Debt Consolidation

The US National Debt

Our national debt is growing at an alarming rate. These figures are updated daily based on info received from the US Government. The numbers used by this national debt clock are retrieved from the US Treasury and the US Census daily.
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While the number may seem surprising at first, you also should consider that the United States has the largest economy in the world with a Gross Domestic Product (GDP) of nearly 14 trillion dollars. A common way of looking at a country's national debt as a ratio to it's GDP. The ratio of the United State's public debt to it's GDP is roughly 61%, putting it at 27th of 125 countries in the world in terms of debt burden according to wikipedia on June 30th 2008.

What is the National Debt?

The national debt is money owed by the United States federal government to creditors. A portion of the national debt is held by the public (states, corporations, individuals, and foreign governments) in the form of treasury bills, treasury notes, US savings bonds, and state and local government series securities. Intra governmental Debt Holdings represent balances of Treasury securities held by federal government accounts, primarily federal trust funds such as Social Security, that typically have an obligation to invest their excess annual receipts over disbursements in federal securities.

Why Do We Have a National Debt?

Quite simply because of deficit spending, our representatives spend more money than the treasury brings in in taxes. It is estimated that the 2008 budget deficit will reach $410 billion. With the proposed bail out of the credit industry, the 2009 budget deficit could set a record. Mandatory spending for programs such as Medicare, Medicaid, Social Security and interest will also increase the debt as the demand for these entitlement programs grow.

Where Does the Money Go?

Federal spending is broken down into 7 major categories. The majority of which goes to entitlement spending. (7% Medicaid, 16% Medicare, 21 % Social Security) Defense is the largest discretionary spending with 20% of the 2008 budget going to defend our country. Non-defense discretionary spending (Education, International affairs, Health research and regulation, Veterans' benefits, Science and basic research) takes 18%. Paying interest on the national debt eats up 8% of the budget.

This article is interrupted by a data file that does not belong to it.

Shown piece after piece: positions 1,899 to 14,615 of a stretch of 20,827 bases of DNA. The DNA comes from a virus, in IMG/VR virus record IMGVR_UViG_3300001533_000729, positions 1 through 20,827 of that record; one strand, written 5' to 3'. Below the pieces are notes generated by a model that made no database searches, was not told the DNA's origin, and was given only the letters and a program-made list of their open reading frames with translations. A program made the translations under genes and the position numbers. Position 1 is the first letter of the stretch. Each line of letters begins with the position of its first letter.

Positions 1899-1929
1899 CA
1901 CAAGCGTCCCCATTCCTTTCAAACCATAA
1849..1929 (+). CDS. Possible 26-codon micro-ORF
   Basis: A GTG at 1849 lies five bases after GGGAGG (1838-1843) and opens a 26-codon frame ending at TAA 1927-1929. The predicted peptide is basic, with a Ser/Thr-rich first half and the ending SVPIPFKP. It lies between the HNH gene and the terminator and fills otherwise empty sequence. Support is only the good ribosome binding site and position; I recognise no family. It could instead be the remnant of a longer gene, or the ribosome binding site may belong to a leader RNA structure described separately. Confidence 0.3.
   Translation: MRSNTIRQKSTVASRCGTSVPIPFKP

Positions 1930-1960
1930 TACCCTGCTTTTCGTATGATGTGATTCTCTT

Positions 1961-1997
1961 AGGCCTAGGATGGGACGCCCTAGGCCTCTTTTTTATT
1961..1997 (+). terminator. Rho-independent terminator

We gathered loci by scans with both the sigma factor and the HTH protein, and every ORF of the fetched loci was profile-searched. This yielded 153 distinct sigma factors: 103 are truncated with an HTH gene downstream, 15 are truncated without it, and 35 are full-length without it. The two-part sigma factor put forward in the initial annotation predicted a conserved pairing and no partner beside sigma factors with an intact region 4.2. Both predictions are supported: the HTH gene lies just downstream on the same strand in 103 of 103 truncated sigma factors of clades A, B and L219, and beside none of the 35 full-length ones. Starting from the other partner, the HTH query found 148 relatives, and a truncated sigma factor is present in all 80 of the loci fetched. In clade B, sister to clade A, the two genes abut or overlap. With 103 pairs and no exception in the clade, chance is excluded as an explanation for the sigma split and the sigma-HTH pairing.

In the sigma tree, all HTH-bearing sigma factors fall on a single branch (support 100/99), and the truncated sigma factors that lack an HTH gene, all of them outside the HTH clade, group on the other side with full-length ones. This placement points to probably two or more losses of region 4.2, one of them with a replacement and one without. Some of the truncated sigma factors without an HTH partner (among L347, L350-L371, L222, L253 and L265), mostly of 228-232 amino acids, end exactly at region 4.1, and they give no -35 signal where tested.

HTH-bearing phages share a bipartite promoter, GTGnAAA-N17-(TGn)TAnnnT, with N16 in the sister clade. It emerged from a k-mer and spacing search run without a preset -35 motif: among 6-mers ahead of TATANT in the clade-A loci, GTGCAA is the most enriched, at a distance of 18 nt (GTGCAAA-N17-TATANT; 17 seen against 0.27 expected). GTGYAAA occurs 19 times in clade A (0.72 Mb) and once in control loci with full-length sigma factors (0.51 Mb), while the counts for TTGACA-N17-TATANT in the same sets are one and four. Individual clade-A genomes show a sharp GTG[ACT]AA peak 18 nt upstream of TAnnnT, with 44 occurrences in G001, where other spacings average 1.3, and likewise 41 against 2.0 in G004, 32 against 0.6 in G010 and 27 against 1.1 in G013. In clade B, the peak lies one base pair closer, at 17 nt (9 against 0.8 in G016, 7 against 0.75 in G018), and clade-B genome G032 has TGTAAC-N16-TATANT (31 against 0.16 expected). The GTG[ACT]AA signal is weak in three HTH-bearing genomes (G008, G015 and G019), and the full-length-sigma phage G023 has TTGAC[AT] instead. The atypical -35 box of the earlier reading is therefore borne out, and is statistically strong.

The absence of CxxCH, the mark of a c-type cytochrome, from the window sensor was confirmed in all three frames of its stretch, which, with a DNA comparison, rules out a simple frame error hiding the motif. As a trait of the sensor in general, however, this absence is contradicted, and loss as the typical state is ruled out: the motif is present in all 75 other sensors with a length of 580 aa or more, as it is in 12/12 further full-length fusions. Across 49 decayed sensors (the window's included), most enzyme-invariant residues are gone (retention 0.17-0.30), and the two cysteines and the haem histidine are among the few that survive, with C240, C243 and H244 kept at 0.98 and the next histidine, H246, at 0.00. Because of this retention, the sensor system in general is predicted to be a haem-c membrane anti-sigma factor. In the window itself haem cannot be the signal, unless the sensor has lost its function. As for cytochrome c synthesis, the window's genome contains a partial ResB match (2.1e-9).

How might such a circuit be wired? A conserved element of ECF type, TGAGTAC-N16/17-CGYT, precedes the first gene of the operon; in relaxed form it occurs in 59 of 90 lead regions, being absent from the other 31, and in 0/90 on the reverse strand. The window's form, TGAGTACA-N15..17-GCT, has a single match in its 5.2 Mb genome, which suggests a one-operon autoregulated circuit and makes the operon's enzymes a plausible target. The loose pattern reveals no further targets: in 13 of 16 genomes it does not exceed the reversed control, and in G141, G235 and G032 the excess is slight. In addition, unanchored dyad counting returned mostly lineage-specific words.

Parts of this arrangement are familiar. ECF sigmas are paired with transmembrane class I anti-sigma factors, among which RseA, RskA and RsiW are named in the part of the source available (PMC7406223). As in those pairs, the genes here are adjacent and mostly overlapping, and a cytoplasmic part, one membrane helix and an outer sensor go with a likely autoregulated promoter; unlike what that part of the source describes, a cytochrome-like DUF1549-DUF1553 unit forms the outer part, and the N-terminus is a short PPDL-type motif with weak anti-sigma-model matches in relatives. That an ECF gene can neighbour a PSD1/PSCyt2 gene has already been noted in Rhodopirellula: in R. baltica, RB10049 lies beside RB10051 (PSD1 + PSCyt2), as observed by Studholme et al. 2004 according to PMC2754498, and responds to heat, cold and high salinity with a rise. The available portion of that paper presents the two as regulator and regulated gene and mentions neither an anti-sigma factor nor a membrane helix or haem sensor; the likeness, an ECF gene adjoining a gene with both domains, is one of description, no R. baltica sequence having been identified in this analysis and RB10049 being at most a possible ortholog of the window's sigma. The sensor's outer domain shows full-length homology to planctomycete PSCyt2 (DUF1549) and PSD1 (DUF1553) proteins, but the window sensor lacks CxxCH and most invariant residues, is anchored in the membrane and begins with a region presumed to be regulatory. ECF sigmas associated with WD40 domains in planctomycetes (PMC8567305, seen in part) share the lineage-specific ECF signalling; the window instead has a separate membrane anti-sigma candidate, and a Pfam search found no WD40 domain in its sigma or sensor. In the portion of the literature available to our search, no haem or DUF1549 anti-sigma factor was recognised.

Who Holds the Debt?

A portion of the national debt is held by the public (states, corporations, individuals, and foreign governments) in the form of treasury bills, treasury notes, US savings bonds, and state and local government series securities. Intra governmental Debt Holdings represent balances of Treasury securities held by federal government accounts, primarily federal trust funds such as Social Security, that typically have an obligation to invest their excess annual receipts over disbursements in federal securities.

Foreign Ownership of the National Debt

There is growing concern over foreign ownership of US Treasury securities. The two largest creditors are Japan and Mainland China. There is also a large portion owned by Oil exporters include Ecuador, Venezuela, Indonesia, Bahrain, Iran, Iraq, Kuwait, Oman, Qatar, Saudi Arabia, the United Arab Emirates, Algeria, Gabon, Libya, and Nigeria. It is feared that that some of these countries, China in particular, may have an agenda in buying up US debt,such as using its ownership of US securities as a leverage against US policy it opposes. The counter to these fears is the belief that foreign ownership of US debt is a vote of confidence in the US economy.

Where Does the Money Come From?

According to the Congressional Budget Office (CBO) the government will collect $2.6 trillion in revenues in 2008. Individual income taxes will account for $1.1 trillion (approx. 45%). corporate taxes contribute $326 billion (13%), Social Insurance $912 billion (13%), Excise taxes $69 billion (3%), Estate and Gift taxes $27 billion (1%), Customs and Duties $27 billion (1%), and Miscellaneous sources $45 billion (2%).

History

The United States has historically had a national debt. It began with the debt incurred to pay for the Revolutionary War, and has been constant other than a brief period under President Andrew Jackson. It has grown substantially through the years usually spiking after a major war. There are noticeable increases in the US debt as a % of the Gross Domestic Product (GDP) after the Civil War , WWI, WWII, and the September 11, 2001 terrorist attacks. The most honest way of comparing levels of debt is the ratio to the (GDP). The chart illustrates the figures since 1945.

If you would like to more information on the national debt, we recommend:

http://www.treasurydirect.gov/ - Provides information and services individuals as well as finance professionals and institutional investors. You can buy and redeem securities directly from the US Department of the Treasury, and manage your portfolio on line.